Here is the “From The Rape of Lucrece” Poem of William Shakespeare as follow,
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From The Rape of Lucrece
Her lily hand her rosy cheek lies under,Cozening the pillow of a lawful kiss;Who, therefore angry, seems to part in sunder,Swelling on either side to want his bliss;Between whose hills her head entombed is;Where like a virtuous monument she lies,To be admired of lewd unhallowed eyes.
Without the bed her other fair hand was,On the green coverlet, whose perfect whiteShowed like an April daisy on the grass,With pearly sweat resembling dew of night.Her eyes, like marigolds, had sheathed their light,And canopied in darkness sweetly layTill they might open to adorn the day.
Her hair like golden threads played with her breathO modest wantons, wanton modesty!Showing life’s triumph in the map of death,And death’s dim look in life’s mortality.Each in her sleep themselves so beautifyAs if between them twain there were no strife,But that life lived in death, and death in life.
Her breasts like ivory globes circled with blue,A pair of maiden worlds unconquerèd,Save of their lord no bearing yoke they knew,And him by oath they truly honourèd.These worlds in Tarquin new ambition bred,Who like a foul usurper went aboutFrom this fair throne to heave the owner out.
What could he see but mightily he noted?What did he note but strongly he desired?What he beheld, on that he firmly doted,And in his will his willful eye he tired.With more than admiration he admiredHer azure veins, her alabaster skin,Her coral lips, her snow-white dimpled chin.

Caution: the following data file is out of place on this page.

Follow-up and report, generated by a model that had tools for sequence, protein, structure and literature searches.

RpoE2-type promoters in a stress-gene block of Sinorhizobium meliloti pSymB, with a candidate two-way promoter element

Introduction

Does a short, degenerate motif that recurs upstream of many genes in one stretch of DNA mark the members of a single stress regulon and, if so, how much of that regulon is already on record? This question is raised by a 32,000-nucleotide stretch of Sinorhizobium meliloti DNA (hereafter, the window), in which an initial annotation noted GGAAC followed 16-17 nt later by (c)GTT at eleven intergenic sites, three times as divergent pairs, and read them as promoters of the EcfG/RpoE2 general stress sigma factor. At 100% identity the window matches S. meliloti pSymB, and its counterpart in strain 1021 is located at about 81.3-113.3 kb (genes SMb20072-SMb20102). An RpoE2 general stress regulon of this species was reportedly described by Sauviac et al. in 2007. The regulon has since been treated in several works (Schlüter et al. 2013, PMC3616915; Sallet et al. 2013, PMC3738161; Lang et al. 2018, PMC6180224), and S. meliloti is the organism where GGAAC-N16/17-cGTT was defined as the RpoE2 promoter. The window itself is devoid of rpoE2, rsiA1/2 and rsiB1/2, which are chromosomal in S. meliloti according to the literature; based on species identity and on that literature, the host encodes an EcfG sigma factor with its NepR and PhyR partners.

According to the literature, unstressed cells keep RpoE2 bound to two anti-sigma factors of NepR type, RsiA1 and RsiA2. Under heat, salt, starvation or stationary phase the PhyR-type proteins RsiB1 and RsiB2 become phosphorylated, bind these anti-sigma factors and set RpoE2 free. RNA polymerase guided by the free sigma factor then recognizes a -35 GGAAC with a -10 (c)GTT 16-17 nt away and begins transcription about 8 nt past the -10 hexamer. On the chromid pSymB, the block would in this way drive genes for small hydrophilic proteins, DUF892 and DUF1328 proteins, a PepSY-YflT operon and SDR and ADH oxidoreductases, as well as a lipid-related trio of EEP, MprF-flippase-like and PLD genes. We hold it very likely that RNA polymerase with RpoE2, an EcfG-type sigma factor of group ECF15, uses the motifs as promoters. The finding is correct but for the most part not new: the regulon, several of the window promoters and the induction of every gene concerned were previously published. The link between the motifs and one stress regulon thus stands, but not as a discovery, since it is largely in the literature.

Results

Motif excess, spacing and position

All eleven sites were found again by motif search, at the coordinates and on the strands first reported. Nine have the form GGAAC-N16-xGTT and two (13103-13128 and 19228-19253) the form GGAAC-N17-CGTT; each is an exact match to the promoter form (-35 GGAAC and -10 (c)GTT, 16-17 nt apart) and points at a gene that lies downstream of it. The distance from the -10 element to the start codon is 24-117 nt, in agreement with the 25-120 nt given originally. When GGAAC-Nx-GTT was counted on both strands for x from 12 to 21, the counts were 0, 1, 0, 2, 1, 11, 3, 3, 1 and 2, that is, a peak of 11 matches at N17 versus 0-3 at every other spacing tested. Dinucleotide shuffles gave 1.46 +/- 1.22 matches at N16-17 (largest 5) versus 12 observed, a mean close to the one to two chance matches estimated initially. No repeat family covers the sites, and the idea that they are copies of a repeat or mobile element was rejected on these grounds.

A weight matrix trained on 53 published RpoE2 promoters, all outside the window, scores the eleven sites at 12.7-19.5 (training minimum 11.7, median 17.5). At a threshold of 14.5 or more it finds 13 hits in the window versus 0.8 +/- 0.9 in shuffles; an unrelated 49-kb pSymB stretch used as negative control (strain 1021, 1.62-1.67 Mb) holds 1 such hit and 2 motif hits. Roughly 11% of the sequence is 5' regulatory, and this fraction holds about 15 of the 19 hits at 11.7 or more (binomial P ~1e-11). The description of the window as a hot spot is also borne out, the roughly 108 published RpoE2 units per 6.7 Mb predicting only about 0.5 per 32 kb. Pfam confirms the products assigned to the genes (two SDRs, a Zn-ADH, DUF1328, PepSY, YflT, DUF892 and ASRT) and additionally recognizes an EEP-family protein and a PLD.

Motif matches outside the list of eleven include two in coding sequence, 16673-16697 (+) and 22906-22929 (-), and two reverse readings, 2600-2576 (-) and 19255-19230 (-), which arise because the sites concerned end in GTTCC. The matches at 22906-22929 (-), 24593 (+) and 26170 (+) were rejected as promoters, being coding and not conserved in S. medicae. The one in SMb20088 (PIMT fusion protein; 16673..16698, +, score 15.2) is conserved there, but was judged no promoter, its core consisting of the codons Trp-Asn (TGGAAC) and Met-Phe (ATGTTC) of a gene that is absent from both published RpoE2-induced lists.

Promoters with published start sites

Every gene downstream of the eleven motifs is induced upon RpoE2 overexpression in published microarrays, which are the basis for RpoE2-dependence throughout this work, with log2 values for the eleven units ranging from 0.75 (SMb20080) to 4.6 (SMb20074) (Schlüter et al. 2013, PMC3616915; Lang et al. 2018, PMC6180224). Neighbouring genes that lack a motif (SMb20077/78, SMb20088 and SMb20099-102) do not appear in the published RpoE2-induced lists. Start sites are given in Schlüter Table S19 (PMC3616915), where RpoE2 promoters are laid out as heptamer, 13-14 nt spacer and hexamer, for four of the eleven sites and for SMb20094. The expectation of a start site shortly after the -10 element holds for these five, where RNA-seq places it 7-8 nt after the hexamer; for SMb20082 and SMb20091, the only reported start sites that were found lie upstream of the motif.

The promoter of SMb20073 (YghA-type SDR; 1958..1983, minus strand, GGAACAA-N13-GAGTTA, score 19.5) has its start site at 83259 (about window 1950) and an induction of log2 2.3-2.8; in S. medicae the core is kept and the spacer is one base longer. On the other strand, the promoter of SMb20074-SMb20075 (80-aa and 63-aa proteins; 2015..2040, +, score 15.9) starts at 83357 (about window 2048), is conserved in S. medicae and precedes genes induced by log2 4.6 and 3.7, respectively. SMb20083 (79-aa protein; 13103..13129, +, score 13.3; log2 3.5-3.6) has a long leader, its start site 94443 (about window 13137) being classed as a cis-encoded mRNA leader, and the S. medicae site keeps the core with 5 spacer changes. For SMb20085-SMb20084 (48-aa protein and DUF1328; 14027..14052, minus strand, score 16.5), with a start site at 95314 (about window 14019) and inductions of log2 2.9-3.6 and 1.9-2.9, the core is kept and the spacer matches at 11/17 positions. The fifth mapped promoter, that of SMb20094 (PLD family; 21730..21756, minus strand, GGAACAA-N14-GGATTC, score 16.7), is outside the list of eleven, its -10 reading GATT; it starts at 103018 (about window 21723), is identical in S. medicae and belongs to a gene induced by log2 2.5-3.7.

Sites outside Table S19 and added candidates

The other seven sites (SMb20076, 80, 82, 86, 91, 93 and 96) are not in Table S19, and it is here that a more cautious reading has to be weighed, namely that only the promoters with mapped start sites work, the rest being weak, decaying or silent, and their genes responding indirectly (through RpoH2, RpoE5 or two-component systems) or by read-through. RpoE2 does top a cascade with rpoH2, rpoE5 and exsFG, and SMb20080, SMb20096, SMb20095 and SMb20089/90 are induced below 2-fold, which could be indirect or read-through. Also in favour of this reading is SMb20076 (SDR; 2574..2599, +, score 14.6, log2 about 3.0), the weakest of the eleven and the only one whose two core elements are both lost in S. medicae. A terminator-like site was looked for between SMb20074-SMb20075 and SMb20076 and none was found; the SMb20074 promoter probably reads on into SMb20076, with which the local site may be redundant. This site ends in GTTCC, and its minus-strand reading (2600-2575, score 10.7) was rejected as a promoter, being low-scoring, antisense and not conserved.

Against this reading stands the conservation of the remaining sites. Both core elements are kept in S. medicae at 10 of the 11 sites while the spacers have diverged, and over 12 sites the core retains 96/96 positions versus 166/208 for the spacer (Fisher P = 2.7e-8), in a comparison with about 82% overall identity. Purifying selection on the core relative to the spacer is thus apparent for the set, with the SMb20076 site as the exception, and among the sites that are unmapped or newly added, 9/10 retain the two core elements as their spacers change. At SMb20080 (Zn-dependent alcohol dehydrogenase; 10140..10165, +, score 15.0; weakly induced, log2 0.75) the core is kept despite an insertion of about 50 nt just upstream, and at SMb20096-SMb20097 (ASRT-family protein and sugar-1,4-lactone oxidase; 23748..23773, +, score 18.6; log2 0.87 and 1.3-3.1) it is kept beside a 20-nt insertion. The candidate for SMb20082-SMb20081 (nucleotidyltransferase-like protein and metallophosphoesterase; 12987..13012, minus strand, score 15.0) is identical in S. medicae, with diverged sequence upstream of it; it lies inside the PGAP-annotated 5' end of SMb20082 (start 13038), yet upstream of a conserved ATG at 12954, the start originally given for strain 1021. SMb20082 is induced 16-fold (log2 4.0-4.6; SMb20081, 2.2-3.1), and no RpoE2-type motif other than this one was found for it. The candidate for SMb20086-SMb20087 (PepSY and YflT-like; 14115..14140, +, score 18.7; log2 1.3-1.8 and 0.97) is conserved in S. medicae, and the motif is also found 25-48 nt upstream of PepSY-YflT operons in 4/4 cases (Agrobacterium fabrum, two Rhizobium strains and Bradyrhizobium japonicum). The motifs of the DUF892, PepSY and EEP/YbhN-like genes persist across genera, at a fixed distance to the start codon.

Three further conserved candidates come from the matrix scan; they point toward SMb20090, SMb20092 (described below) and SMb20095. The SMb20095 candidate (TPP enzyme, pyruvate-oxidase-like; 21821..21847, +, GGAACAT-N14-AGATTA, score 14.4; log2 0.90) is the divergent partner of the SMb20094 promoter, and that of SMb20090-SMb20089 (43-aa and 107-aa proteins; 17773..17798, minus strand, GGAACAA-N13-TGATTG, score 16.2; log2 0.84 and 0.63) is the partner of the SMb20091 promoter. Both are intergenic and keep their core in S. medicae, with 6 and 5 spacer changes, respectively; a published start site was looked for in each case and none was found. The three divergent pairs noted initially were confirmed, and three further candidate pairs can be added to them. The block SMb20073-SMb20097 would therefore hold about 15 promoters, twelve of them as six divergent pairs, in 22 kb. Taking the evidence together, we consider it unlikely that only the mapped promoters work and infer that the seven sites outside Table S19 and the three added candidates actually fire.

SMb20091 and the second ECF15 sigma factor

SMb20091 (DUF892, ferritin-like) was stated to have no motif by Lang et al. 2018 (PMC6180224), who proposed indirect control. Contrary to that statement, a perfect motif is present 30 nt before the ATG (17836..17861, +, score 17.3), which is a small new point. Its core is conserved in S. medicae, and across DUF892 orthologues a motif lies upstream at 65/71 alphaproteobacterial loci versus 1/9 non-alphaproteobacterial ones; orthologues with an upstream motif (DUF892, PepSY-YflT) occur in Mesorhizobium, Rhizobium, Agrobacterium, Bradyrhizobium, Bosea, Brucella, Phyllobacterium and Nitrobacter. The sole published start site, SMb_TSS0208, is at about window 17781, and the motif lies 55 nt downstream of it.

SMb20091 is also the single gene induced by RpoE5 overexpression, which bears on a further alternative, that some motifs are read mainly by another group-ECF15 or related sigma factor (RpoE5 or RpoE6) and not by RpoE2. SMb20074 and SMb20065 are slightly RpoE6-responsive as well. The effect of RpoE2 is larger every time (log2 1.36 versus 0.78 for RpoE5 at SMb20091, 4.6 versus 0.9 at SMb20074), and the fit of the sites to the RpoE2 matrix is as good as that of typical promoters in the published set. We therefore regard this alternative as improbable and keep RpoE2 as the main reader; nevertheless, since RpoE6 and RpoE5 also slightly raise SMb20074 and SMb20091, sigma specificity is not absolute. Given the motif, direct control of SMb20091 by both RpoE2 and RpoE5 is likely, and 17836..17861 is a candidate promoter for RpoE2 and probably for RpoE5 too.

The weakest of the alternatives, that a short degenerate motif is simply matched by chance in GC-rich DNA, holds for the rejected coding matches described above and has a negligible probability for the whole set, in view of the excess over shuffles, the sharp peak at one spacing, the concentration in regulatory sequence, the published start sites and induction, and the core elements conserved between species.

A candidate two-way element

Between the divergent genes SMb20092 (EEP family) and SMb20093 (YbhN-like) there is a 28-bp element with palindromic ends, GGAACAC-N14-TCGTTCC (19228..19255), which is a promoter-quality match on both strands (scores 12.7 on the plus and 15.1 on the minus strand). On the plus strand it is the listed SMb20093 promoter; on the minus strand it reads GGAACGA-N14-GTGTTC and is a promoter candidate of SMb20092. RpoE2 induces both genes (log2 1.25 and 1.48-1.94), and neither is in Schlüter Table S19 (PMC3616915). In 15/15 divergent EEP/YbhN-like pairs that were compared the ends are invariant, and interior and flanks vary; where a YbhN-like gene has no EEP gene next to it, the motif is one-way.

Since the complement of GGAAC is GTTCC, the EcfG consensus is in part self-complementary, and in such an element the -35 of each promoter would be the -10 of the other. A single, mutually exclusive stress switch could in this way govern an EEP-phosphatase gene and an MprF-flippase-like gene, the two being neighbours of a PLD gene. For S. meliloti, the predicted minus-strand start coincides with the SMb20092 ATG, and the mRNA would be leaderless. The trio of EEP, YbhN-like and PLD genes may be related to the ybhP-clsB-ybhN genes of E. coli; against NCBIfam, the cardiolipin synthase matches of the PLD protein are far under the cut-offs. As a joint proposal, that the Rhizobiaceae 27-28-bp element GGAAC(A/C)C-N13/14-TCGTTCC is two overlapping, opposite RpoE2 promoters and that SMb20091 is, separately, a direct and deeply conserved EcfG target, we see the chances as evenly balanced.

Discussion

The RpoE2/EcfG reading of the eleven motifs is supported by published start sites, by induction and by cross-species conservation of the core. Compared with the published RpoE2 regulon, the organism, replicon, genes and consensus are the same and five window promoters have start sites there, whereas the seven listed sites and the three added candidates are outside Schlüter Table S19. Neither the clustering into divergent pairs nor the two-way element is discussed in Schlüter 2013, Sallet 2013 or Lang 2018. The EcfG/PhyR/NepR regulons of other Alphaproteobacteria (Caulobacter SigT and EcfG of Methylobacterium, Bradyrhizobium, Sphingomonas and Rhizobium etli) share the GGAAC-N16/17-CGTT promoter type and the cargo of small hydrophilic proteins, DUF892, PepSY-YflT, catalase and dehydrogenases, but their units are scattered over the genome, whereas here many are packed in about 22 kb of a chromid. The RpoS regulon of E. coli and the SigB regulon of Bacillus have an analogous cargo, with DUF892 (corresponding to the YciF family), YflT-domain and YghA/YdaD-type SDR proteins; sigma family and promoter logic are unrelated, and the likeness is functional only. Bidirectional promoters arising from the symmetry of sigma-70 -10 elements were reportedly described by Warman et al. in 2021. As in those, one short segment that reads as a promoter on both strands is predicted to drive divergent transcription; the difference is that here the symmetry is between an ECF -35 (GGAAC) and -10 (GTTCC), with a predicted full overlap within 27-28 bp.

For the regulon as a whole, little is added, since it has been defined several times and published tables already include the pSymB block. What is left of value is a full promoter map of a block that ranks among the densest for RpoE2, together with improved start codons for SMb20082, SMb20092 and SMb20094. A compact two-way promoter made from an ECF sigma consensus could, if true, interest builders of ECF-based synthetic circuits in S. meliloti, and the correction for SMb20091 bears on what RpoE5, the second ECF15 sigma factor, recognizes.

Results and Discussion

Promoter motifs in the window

As the grim lion fawneth o’er his preySharp hunger by the conquest satisfied,So o’er this sleeping soul doth Tarquin stay,His rage of lust by gazing qualified;Slacked, not suppressed; for, standing by her side,His eye, which late this mutiny restrains,Unto a greater uproar tempts his veins.
And they, like straggling slaves for pillage fighting,Obdurate vassals fell exploits effecting.In bloody death and ravishment delighting,Nor children’s tears nor mothers’ groans respecting,Swell in their pride, the onset still expecting.Anon his beating heart, alarum striking,Gives the hot charge and bids them do their liking.
His drumming heart cheers up his burning eye,His eye commends the leading to his hand;His hand, as proud of such a dignity,Smoking with pride, marched on to make his standOn her bare breast, the heart of all her land,Whose ranks of blue veins, as his hand did scale,Left their round turrets destitute and pale.
They, mustering to the quiet cabinetWhere their dear governess and lady lies,Do tell her she is dreadfully besetAnd fright her with confusion of their cries.She, much amazed, breaks ope her locked-up eyes,Who, peeping forth this tumult to behold,Are by his flaming torch dimmed and controlled.
Imagine her as one in dead of nightFrom forth dull sleep by dreadful fancy waking,That thinks she hath beheld some ghastly sprite,Whose grim aspect sets every joint a-shaking.What terror ‘tis! but she, in worser taking,From sleep disturbèd, heedfully doth viewThe sight which makes supposèd terror true.
Wrapped and confounded in a thousand fears,Like to a new-killed bird she trembling lies.She dares not look; yet, winking, there appearsQuick-shifting antics ugly in her eyes.Such shadows are the weak brain’s forgeries,Who, angry that the eyes fly from their lights,In darkness daunts them with more dreadful sights.
His hand, that yet remains upon her breast(Rude ram, to batter such an ivory wall!)May feel her heart (poor citizen) distressed,Wounding itself to death, rise up and fall,Beating her bulk, that his handshakes withal.This moves in him more rage and lesser pity,To make the breach and enter this sweet city.
From The Rape of Lucrece Poem of William Shakespeare